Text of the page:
Children and young adults with relapsed or refractory (R/R) acute lymphoblastic leukemia (ALL) or lymphoblastic lymphoma who underwent chimeric antigen receptor T-cell (CAR-T) therapy had similar remission and survival outcomes regardless of socioeconomic status. These findings were published in the journal Blood.
Socioeconomic status can affect access to health care and treatment outcomes. Data to investigate the relationship between CAR-T therapy and outcomes among young patients were sourced from Children’s Hospital of Philadelphia (CHOP). Exposure to household poverty was defined as having public insurance and neighborhood opportunity was proxied using the 2015 Childhood Opportunity Index (COI).
A total of 206 patients, median age 12.5 (range, 1.4 to 29.1) years, with R/R ALL or lymphoblastic lymphoma were included in this analysis. Patients who were exposed to household poverty or neighborhood deprivation were more likely to be Black or Hispanic and to undergo CAR-T therapy with lower marrow disease burden.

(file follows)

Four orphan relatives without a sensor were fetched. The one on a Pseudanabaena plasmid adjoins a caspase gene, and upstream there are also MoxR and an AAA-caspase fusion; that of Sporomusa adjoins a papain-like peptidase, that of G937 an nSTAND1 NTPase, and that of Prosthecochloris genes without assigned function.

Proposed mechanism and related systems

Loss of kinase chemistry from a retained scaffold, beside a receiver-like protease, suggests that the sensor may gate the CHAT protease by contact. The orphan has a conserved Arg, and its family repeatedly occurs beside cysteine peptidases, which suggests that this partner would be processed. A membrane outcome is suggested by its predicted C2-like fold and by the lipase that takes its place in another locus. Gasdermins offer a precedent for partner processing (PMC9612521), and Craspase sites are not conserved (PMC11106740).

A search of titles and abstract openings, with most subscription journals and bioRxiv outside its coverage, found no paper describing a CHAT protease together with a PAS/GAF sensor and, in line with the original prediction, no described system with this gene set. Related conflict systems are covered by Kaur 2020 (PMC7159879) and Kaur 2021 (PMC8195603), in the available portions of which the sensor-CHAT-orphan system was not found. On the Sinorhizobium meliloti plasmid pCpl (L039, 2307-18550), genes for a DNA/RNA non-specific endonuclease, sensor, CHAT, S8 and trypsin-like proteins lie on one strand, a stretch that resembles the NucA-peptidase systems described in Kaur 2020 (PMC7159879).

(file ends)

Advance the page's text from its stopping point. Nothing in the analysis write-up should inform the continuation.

The complete remission rates were 93.9% for patients unexposed to poverty and 91.9% for those exposed to poverty (P =.334).
No significant effects on overall survival were observed for any poverty or disadvantage measures (all P ≥.545).
For relapse-free survival, patients with low COI had a higher risk for relapse than the patients with high COI (adjusted hazard ratio [aHR], 2.3; P =.006).
The type of relapse differed on the basis of socioeconomic status, in which CD19+ relapse was more common with low COI scores compared with high COI scores (24.4% vs 12.6%).
This study may have been limited by not assessing family-reported poverty exposure.
The results of this study indicated that complete remission and overall survival is similar regardless of socioeconomic status. However, disease burden in this study was lower among patients exposed to poverty, which leads to better outcomes. “[T]his difference could indicate inequity in access or bias in referral patterns, with providers less willing to recommend sicker patients of lower socioeconomic status for travel to a tertiary care center for therapy,” the study authors noted in their report.
Newman H, Li Y, Liu H, et al. Impact of poverty and neighborhood opportunity on outcomes for children treated with CD19-directed CAR T-cell therapy. Blood. Published online November 9, 2022. doi:10.1182/blood.2022017866
This article originally appeared on Oncology Nurse Advisor